–Connection creates healthy accountability. While ADHDers need structure, we can also struggle with feeling trapped by routines. When I have a manager who is consistent with checking in on me (to genuinely connect), I am significantly more motivated in my work, and I am also getting dopamine from feeling valued as a person.
–Be conscious and accepting of different working habits. People with ADHD can often struggle with a typical 9-5 work schedule. There can be a multitude of reasons for this – take time to get to know what works best for someone with ADHD and be open-minded to a non-conventional working structure.
–A key struggle of living with ADHD is burnout – while burnout is a human experience, much more common post-COVID, ADHDers are statistically more likely to experience burnout, per a plethora of reasons. If you know an ADHD employee, it is essential to recognize the signs of burnout & allow them space to move through it (the only way for anyone to truly recover from burnout). We will come out on the other side even more motivated and ready to re-invigorate the team with our natural enthusiasm.
Let’s get one thing straight – I come from a privileged perspective; as a cis-gender, able-bodied, white woman, all of these privileges (among others) contributed along the way to me receiving a diagnosis, even if later in life. To share about my diagnosis, and what I’ve learned, is to also account for those privileges, and acknowledge that for non-white, non-able-bodied, non-cis neurodivergent folks, the same privileges do not exist. Even with my privileges, getting a diagnosis started entirely by chance through an app—if this was my story, what are marginalized neurodivergent folks missing out on or excluded from in their own experiences?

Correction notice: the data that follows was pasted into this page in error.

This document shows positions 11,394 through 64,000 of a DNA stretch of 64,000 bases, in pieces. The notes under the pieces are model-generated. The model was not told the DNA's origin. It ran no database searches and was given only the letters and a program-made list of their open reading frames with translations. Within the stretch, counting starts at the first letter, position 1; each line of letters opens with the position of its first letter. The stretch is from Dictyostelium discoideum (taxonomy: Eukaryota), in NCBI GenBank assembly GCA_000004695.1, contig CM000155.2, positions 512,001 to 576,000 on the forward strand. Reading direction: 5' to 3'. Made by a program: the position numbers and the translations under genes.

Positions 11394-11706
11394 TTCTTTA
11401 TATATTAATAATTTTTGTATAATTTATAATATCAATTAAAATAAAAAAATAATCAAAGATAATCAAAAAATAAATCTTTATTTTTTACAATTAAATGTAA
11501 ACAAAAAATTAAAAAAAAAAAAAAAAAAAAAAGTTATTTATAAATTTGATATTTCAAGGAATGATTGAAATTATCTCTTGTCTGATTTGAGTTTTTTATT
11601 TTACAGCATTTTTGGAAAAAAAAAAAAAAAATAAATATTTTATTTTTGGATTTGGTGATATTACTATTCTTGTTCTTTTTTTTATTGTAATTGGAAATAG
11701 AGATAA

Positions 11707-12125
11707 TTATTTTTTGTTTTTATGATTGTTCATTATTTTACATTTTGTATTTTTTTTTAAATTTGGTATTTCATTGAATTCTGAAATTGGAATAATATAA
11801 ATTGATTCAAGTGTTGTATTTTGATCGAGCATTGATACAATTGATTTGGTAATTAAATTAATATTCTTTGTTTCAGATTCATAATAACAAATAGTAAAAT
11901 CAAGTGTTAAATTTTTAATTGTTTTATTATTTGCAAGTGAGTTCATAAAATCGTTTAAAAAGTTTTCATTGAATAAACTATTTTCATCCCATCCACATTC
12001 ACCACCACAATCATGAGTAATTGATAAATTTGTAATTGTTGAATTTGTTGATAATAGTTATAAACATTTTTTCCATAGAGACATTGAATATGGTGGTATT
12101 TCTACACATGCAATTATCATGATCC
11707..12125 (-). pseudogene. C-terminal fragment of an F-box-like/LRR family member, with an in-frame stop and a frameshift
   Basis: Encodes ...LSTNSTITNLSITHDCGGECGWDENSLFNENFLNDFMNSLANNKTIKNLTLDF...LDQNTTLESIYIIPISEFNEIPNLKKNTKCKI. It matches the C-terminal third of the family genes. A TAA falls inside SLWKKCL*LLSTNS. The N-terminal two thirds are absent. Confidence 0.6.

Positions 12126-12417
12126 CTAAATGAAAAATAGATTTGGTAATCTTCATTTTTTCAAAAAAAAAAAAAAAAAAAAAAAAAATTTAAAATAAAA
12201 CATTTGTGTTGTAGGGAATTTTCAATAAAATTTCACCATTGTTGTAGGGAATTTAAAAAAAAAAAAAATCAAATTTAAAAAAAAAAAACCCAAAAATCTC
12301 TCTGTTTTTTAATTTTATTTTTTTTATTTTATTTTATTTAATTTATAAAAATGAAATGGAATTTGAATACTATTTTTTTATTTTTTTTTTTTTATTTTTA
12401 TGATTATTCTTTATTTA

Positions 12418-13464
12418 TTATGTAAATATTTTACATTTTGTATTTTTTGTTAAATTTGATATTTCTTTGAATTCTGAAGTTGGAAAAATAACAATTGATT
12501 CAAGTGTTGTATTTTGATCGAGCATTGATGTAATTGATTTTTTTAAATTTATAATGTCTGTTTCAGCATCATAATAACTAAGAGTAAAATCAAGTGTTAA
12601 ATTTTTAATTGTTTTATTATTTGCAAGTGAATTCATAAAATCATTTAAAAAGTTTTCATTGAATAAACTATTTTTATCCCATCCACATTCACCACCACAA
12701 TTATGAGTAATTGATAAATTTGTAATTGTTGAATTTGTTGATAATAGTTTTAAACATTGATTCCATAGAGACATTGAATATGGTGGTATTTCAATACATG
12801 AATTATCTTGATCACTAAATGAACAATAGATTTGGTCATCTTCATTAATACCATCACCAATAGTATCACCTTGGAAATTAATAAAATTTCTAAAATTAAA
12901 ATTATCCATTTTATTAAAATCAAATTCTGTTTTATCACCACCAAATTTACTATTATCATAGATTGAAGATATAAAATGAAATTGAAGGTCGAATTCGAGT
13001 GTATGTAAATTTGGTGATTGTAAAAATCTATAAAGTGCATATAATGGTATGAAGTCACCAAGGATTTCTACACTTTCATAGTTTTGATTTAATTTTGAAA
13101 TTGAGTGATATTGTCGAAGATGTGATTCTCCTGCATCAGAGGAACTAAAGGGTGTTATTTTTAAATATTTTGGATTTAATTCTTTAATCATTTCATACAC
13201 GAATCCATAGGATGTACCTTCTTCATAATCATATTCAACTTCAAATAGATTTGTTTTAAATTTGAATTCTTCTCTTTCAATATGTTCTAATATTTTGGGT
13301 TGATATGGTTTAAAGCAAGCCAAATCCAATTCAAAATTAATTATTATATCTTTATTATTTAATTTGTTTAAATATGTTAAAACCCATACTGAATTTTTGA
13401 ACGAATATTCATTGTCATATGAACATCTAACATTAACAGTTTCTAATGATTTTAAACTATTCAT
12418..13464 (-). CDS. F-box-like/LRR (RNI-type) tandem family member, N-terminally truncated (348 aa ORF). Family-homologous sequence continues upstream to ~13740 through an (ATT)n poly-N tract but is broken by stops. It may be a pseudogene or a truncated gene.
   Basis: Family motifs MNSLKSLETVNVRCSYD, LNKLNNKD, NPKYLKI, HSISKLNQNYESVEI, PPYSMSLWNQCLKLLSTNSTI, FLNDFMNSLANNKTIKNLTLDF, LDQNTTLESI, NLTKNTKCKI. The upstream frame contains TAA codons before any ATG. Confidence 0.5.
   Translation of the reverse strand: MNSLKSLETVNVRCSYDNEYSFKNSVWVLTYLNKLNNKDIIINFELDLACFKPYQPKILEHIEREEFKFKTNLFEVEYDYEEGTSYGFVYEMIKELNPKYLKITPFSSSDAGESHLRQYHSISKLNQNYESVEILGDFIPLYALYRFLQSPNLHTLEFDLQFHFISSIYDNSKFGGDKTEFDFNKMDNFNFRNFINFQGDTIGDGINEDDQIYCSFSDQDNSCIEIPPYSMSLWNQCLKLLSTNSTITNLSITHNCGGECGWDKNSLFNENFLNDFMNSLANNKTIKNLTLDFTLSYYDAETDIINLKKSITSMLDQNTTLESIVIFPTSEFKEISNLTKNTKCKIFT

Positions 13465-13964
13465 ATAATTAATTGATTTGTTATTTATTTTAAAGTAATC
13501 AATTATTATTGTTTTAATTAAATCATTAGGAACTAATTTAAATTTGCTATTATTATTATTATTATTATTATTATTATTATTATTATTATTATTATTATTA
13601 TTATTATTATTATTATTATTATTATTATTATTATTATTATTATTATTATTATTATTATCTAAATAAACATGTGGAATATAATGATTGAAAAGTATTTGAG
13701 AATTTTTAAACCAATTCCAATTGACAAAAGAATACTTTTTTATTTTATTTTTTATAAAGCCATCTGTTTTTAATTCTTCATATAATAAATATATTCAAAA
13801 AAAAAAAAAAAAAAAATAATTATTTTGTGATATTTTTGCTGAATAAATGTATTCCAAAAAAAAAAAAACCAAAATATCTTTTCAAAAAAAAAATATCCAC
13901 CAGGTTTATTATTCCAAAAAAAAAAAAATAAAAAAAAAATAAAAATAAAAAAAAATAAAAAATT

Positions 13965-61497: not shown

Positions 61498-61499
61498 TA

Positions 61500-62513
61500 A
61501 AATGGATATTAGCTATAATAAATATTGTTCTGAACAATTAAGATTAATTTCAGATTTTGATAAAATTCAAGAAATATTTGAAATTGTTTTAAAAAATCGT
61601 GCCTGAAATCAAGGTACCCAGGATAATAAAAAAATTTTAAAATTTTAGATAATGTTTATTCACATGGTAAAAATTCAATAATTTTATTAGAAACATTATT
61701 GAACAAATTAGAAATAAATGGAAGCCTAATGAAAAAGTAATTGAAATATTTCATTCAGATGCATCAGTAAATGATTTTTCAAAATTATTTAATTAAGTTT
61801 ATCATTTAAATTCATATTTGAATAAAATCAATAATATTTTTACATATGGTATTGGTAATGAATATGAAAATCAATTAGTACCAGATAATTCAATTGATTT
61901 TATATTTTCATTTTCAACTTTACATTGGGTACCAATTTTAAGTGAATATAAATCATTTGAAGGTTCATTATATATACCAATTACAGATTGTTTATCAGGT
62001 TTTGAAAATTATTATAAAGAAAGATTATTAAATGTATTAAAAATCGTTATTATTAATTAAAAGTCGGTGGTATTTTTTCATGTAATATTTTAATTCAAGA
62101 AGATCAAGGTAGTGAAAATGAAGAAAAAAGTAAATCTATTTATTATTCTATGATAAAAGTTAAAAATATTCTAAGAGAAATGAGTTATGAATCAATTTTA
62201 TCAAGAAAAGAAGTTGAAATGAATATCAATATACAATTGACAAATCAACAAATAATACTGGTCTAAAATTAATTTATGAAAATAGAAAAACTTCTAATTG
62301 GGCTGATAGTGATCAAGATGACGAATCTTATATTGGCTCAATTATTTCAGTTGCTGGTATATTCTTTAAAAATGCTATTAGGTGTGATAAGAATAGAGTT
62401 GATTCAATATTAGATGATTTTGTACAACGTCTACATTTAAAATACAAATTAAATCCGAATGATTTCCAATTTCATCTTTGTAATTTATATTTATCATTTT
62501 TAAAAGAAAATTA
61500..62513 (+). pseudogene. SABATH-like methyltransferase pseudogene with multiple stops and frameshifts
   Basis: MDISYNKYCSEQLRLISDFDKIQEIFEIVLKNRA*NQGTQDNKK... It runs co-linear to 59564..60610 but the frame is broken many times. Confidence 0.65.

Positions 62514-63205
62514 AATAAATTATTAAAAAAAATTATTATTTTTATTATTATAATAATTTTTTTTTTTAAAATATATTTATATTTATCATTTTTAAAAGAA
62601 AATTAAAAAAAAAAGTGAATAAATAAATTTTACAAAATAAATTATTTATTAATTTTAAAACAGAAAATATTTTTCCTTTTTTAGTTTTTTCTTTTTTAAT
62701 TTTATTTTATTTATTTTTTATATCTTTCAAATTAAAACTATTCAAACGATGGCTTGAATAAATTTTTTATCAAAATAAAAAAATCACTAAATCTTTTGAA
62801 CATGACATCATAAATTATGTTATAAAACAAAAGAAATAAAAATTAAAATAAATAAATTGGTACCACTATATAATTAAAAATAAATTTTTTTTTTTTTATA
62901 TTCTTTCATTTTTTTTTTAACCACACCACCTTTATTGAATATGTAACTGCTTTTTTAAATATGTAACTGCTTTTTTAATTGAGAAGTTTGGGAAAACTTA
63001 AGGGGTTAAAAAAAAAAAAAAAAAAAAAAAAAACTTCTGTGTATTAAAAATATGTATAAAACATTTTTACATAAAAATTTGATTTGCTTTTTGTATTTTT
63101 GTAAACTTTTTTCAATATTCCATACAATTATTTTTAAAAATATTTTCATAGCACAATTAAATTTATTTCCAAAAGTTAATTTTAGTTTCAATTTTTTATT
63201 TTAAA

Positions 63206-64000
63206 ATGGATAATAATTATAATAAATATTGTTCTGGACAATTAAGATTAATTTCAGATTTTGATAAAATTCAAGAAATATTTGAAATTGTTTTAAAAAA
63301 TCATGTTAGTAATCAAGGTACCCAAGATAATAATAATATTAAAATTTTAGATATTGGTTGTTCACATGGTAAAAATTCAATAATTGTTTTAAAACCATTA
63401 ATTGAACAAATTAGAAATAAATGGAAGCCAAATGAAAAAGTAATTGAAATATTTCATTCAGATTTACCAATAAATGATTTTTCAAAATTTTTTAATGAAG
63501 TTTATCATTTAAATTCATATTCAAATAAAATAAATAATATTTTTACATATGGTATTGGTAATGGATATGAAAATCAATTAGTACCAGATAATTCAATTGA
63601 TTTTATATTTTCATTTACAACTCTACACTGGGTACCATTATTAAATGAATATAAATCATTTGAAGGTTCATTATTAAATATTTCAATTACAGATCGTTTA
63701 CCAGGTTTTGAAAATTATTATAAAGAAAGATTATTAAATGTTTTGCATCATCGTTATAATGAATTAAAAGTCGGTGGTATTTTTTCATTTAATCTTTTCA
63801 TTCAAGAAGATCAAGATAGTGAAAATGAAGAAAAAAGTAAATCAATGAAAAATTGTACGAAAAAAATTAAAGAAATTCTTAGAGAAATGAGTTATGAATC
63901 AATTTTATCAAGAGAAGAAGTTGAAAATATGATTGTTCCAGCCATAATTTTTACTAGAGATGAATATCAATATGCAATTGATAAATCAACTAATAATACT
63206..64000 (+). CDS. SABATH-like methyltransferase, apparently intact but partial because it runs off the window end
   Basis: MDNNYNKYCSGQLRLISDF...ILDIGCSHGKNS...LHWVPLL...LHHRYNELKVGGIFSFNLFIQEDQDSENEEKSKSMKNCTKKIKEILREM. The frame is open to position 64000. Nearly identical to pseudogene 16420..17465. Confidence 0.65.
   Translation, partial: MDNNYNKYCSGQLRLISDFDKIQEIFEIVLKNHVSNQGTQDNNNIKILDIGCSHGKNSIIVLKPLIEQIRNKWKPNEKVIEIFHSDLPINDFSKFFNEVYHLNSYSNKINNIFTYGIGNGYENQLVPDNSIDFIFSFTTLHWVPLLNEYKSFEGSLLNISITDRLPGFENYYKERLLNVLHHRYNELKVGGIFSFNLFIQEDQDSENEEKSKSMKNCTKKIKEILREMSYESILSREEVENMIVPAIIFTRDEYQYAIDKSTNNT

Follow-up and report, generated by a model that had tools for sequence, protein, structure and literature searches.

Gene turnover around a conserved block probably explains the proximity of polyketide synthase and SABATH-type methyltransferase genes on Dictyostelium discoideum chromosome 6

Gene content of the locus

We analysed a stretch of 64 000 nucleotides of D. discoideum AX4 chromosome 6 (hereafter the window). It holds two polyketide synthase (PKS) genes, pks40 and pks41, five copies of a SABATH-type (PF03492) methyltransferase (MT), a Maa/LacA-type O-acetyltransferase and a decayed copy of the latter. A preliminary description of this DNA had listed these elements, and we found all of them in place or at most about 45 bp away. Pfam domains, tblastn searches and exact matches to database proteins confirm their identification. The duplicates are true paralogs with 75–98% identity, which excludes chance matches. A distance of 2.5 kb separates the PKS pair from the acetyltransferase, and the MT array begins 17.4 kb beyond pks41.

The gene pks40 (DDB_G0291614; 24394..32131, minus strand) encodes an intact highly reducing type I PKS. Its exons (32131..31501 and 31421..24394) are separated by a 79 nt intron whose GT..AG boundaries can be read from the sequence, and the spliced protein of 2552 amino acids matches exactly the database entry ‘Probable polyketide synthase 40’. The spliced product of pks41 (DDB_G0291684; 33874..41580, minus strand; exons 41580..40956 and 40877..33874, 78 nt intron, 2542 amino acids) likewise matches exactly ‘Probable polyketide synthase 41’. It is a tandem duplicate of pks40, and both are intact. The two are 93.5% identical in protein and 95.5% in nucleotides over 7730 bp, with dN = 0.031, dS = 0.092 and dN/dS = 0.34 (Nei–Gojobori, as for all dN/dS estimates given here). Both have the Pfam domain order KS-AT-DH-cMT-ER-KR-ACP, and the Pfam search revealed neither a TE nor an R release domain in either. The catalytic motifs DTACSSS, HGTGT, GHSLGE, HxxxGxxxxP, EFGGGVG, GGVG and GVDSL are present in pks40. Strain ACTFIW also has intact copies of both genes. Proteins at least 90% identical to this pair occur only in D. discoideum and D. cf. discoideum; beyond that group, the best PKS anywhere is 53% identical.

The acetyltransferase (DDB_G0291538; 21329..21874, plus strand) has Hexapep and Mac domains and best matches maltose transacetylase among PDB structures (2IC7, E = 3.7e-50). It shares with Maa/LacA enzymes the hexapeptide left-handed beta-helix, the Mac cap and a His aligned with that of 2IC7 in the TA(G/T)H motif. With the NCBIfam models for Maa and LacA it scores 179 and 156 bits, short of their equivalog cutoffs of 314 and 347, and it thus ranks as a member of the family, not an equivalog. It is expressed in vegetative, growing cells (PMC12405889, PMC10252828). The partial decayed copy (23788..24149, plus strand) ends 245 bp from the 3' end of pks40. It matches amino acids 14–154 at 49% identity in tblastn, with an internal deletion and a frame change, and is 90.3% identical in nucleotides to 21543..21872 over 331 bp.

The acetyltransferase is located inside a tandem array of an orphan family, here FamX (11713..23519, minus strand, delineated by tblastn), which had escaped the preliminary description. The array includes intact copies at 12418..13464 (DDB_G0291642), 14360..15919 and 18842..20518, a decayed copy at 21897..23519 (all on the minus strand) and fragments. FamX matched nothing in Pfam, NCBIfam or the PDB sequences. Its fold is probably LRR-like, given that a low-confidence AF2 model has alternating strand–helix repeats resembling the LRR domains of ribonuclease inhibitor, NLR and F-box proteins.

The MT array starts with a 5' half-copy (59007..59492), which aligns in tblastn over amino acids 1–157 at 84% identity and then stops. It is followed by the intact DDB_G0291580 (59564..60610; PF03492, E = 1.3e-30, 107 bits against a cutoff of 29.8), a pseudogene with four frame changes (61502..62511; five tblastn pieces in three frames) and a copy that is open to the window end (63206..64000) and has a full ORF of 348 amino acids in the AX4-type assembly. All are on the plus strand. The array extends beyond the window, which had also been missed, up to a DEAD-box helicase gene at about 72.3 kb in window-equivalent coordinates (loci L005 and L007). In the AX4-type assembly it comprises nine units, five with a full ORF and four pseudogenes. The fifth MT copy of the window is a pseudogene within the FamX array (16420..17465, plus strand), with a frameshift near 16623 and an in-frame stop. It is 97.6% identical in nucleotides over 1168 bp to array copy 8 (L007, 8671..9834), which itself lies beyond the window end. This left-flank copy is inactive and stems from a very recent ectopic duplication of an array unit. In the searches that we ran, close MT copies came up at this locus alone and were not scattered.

This brings me back to TikTok – the collateral damage caused by information overload is real, as anyone with a TikTok knows the feeling of a mushy brain from mindless scrolling. Yet, I also owe it to TikTok for my ADHD diagnosis. TikTok was the launchpad to me finding answers to lifelong questions, to me finally having a shot at constructing my own version of adulthood. It’s an opportunity for marginalized communities to access information and opportunities that they might otherwise have been excluded from. With the potential for such critical personal discovery at our fingertips, TikTok’s excess of information is certainly worth more than an immediate write-off. The disadvantages of social media are tangibly felt by our society, but the benefits provide substantial food for thought, too.